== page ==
Some homeless encampments, such as this one on Somerset Street in Portland, were cleared by the city earlier this month. Ben McCanna/Staff Photographer

Legislative leaders agreed Thursday to take up additional bills during the upcoming session aimed at tackling the growing homelessness crisis, including proposals to increase funding for shelter operations.

But leaders unanimously rejected an appeal from a Bangor lawmaker looking to prohibit municipalities from sweeping encampments.

The 10-member Legislative Council – which includes the presiding officers of the House and Senate and leaders of both parties – decides which bills qualify as emergencies and can be introduced when lawmakers reconvene for a second session in January. The council met Thursday to hear appeals from lawmakers whose bills were rejected last week.

Members reversed course Thursday and approved two bills that would increase operational funding for emergency shelters and another bill that would make it more difficult for large municipalities to block the creation of homeless shelters.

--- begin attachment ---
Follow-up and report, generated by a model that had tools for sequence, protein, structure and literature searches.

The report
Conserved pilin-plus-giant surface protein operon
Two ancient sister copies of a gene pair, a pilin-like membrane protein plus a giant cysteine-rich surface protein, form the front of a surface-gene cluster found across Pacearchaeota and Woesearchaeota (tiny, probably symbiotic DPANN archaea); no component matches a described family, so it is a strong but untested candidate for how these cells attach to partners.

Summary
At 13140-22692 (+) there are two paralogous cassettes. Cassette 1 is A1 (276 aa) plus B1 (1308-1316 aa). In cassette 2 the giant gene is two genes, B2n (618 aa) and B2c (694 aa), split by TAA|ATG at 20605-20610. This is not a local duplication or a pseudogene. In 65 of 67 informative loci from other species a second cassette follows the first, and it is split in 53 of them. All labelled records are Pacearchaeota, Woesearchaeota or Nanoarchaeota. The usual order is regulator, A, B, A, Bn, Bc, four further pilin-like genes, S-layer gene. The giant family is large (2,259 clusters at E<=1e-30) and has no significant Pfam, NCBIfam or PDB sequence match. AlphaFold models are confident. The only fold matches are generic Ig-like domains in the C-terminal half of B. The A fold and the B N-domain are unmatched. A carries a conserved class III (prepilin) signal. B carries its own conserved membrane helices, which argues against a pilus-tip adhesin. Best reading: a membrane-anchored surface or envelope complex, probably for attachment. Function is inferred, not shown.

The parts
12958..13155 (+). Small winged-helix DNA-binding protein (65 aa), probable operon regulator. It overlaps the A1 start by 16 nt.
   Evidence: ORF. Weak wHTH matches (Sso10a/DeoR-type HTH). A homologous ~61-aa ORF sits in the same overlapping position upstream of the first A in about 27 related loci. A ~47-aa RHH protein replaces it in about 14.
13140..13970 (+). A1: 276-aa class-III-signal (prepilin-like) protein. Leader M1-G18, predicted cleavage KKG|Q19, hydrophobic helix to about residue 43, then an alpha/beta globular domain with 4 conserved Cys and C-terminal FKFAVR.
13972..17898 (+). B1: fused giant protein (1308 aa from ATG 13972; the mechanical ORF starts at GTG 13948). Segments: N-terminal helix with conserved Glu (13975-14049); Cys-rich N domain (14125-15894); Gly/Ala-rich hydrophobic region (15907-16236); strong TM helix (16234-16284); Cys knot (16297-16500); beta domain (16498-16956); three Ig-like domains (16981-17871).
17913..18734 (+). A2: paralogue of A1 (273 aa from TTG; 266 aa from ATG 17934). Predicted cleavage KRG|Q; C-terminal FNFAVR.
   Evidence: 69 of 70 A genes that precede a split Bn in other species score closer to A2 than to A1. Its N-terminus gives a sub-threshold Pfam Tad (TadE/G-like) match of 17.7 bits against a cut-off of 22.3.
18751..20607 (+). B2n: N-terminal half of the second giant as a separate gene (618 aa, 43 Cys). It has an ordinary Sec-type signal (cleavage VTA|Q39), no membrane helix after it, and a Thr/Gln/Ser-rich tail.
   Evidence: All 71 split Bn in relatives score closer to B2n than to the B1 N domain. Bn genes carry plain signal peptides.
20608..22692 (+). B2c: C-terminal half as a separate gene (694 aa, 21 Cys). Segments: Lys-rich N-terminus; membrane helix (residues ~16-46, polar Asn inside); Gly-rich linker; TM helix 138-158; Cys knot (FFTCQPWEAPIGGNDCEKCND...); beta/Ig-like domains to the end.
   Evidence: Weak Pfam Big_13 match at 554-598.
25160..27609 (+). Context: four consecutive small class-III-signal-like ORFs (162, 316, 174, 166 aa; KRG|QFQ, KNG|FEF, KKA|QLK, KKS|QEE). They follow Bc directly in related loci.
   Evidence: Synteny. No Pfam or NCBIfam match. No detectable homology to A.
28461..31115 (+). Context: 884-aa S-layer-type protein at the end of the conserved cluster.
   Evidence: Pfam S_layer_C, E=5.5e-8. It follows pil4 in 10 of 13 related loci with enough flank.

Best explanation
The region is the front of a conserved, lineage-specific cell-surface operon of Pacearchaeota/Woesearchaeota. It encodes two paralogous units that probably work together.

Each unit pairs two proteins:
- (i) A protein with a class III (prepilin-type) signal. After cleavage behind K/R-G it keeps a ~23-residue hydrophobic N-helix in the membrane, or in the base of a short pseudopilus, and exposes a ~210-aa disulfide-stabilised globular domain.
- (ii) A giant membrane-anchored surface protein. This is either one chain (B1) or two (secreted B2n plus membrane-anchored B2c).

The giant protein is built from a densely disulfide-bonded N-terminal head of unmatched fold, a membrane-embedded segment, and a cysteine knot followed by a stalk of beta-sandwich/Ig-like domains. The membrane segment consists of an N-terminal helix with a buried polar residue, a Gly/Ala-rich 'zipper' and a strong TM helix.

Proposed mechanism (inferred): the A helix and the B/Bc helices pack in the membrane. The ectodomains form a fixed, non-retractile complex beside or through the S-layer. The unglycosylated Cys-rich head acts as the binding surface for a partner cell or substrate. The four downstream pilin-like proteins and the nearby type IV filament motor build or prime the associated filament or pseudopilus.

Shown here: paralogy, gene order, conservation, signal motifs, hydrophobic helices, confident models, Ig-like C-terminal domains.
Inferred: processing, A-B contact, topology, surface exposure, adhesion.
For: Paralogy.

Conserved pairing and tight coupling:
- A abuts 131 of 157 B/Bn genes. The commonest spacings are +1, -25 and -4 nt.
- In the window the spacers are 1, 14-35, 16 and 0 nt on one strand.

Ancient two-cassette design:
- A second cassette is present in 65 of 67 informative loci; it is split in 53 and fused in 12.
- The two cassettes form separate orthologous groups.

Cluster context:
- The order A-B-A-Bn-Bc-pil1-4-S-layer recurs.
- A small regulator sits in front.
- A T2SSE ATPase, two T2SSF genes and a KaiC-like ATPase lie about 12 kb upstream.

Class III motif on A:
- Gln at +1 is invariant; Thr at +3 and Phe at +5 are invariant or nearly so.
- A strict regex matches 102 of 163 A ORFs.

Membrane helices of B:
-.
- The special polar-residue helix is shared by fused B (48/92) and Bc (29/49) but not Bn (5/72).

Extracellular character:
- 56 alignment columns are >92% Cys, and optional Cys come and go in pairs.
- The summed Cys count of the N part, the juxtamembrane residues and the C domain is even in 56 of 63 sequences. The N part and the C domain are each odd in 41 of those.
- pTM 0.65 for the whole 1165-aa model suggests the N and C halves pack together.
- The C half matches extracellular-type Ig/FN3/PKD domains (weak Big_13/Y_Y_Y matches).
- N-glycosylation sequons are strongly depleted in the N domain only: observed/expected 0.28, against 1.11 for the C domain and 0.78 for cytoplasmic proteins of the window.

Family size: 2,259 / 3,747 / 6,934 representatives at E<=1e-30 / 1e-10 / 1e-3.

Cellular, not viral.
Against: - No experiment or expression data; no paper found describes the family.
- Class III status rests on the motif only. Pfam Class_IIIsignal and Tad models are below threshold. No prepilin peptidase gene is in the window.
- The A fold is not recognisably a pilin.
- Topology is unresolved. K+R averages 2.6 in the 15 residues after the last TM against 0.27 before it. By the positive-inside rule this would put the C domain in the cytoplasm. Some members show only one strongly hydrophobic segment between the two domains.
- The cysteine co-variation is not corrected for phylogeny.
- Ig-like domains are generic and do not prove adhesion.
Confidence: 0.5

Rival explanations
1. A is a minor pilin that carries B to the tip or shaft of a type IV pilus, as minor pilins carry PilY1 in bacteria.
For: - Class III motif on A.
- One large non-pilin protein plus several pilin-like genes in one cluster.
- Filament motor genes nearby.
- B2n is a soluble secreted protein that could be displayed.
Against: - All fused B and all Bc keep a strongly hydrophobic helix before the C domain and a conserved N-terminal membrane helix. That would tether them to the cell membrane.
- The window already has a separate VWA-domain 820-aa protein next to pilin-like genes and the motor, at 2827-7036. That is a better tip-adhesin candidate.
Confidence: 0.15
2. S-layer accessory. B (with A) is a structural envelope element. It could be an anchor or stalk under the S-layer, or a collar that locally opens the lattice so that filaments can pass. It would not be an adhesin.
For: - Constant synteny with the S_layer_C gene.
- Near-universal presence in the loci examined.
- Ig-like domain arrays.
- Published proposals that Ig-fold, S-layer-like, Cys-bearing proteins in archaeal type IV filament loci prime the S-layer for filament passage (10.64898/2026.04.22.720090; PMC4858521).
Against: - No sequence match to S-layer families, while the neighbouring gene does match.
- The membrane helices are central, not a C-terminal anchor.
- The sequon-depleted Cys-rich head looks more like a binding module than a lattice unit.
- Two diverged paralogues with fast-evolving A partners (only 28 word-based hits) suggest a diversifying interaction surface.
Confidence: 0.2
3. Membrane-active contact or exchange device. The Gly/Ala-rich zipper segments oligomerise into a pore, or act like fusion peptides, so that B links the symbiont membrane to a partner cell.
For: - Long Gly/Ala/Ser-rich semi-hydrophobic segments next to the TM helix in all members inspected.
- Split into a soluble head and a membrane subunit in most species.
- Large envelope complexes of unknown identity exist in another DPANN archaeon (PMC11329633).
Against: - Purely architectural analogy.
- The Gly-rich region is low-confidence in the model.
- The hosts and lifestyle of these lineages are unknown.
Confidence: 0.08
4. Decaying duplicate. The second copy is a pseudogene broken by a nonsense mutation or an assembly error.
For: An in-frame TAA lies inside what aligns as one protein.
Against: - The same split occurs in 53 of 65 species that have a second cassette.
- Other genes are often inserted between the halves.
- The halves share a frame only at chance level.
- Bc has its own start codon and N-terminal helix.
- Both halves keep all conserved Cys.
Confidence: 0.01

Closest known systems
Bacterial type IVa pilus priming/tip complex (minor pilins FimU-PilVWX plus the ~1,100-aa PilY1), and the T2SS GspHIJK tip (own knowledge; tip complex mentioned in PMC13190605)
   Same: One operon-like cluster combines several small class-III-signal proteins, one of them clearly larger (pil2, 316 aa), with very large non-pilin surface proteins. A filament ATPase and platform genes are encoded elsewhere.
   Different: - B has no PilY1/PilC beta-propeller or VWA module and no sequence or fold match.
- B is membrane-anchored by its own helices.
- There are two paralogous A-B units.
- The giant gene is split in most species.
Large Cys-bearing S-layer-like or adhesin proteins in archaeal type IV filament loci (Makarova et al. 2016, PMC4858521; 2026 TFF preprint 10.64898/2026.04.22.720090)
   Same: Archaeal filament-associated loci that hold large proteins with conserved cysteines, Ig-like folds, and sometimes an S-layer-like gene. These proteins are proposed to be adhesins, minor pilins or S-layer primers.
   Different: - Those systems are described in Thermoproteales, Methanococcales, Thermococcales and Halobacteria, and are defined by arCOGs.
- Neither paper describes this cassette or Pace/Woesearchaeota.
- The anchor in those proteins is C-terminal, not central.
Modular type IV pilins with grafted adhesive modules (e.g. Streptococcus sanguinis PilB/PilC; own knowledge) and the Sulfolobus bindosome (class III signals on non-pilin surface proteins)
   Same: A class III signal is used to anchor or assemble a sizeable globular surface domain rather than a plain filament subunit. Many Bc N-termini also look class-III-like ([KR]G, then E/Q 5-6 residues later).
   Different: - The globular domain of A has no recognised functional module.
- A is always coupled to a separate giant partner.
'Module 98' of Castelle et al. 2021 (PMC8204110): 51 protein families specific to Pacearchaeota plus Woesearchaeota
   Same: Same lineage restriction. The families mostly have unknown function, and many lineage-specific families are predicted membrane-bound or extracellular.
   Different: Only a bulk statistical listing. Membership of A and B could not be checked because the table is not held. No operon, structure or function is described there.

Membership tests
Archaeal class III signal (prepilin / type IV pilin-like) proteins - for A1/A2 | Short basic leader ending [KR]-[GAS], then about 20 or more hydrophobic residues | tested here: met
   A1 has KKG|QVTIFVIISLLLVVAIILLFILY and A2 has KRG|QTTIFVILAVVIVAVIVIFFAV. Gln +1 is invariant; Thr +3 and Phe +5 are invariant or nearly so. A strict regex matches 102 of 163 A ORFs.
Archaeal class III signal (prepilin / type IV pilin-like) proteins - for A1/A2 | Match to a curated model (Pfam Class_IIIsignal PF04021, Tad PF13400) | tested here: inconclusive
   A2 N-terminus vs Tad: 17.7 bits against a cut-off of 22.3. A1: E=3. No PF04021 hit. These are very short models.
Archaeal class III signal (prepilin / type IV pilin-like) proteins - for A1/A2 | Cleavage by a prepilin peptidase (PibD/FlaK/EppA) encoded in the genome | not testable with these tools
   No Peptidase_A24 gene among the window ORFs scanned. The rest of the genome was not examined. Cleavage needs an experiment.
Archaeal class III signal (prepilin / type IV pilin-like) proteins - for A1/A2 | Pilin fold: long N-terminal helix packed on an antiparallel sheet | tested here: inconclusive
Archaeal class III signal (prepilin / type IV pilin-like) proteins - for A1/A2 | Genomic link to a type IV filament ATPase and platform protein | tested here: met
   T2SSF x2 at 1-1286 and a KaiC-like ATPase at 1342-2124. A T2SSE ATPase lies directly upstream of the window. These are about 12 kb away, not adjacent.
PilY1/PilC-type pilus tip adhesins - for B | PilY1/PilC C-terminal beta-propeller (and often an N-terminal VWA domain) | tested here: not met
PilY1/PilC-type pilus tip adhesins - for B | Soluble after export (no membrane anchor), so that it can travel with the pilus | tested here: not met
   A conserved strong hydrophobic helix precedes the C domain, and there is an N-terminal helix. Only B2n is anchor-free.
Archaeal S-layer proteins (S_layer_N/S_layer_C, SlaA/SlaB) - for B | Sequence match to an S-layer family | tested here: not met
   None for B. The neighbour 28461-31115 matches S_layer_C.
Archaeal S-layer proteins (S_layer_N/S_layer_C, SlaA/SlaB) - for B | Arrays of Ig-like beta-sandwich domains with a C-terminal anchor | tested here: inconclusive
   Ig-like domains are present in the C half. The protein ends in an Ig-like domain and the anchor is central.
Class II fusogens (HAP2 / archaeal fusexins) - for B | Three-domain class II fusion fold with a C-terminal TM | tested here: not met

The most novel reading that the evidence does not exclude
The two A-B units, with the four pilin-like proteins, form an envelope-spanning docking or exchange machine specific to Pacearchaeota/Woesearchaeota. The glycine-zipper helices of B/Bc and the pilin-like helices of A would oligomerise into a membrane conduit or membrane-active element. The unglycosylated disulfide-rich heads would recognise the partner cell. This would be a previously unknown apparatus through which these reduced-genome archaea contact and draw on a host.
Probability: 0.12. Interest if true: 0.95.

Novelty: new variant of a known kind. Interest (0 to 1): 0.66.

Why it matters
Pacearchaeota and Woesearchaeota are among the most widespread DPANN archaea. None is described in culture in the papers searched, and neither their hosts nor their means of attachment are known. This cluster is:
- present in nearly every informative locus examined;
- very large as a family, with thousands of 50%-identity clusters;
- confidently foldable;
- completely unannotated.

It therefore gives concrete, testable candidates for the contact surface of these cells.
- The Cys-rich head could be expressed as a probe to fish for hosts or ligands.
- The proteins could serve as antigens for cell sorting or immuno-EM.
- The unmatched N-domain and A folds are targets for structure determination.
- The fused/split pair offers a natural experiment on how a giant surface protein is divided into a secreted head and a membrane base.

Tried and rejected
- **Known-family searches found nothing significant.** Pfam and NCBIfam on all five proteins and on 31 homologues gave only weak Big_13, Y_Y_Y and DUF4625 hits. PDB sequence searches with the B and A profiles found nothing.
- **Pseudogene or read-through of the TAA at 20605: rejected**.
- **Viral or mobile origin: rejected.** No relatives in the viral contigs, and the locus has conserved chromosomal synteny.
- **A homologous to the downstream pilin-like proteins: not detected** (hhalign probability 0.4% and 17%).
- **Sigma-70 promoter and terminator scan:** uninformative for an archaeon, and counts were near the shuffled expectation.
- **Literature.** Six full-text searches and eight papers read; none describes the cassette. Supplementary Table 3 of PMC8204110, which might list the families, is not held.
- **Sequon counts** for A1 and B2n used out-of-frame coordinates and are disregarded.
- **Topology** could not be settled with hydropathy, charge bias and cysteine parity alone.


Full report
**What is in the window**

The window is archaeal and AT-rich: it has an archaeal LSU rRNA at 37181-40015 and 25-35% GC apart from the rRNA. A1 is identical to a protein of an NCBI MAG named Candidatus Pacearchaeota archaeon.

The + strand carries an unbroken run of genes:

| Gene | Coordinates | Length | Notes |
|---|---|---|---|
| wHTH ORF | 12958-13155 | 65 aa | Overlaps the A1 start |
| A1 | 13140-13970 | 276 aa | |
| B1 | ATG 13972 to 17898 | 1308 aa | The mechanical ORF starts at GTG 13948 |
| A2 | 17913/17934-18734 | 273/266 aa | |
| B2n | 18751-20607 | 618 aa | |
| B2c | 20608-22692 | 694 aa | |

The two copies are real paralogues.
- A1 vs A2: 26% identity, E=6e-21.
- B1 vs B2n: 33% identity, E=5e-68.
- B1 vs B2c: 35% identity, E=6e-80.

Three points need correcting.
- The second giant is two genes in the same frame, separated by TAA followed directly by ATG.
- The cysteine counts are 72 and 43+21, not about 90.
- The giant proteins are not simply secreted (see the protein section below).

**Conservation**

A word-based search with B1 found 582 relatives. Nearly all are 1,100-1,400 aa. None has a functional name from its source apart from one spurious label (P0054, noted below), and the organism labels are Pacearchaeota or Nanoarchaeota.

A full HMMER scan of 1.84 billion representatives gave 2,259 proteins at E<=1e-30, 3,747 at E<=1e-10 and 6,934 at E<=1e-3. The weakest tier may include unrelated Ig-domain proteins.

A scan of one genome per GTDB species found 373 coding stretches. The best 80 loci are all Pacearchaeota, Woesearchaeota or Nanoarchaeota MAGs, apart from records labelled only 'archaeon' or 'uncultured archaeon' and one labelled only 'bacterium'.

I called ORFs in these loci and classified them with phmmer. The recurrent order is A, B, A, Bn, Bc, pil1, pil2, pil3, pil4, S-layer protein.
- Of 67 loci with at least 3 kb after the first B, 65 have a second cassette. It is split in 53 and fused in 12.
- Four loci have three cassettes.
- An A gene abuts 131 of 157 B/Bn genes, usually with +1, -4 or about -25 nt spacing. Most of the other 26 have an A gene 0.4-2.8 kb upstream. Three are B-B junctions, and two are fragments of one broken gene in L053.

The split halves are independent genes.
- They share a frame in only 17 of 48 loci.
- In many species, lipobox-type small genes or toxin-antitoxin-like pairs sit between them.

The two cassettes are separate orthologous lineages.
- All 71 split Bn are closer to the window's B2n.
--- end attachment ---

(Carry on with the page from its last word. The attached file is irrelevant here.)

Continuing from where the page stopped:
The text of the bills still needs to be drafted and go through the legislative process. Any bill calling for funding also must survive the appropriations process in which successful legislation competes for limited funds.

So far, the council has admitted more than 90 emergency bills for the next session on top of the more than 300 bills carried over from the previous session. More bill requests are pending, including at least seven submitted in response to last month’s mass shooting in Lewiston.


The council heard appeals Thursday on about 100 bills voted down last week. Several were aimed at addressing the growing number of homeless people who are staying outside in tents or makeshift shelters.

Portland has experienced the largest surge in homeless encampments, which have been periodically cleared by the city or state after officials cited unsafe and unsanitary conditions for the occupants and the public. But encampments are taking root and growing in other towns and cities as well, including Bangor, Waterville, Lewiston and Sanford.

Service providers and advocates for people who are homeless and unsheltered have been pressuring municipal officials to stop clearing homeless encampments, saying such sweeps are ineffective, cause additional trauma to residents and make it more difficult to connect people with needed services.

Portland’s City Council will consider a proposal Monday to temporarily suspend the city’s camping ban and effectively end encampment sweeps.

At the State House Thursday, Rep. Ambureen Rana, D-Bangor, appealed the council’s denial of her bill to prohibit municipalities from clearing encampments, a practice that she said is intended to “hide this issue.”

“Sweeps are very expensive and ineffective in addressing homelessness,” Rana said. “They only make the situation worse.”


But the council denied her appeal unanimously.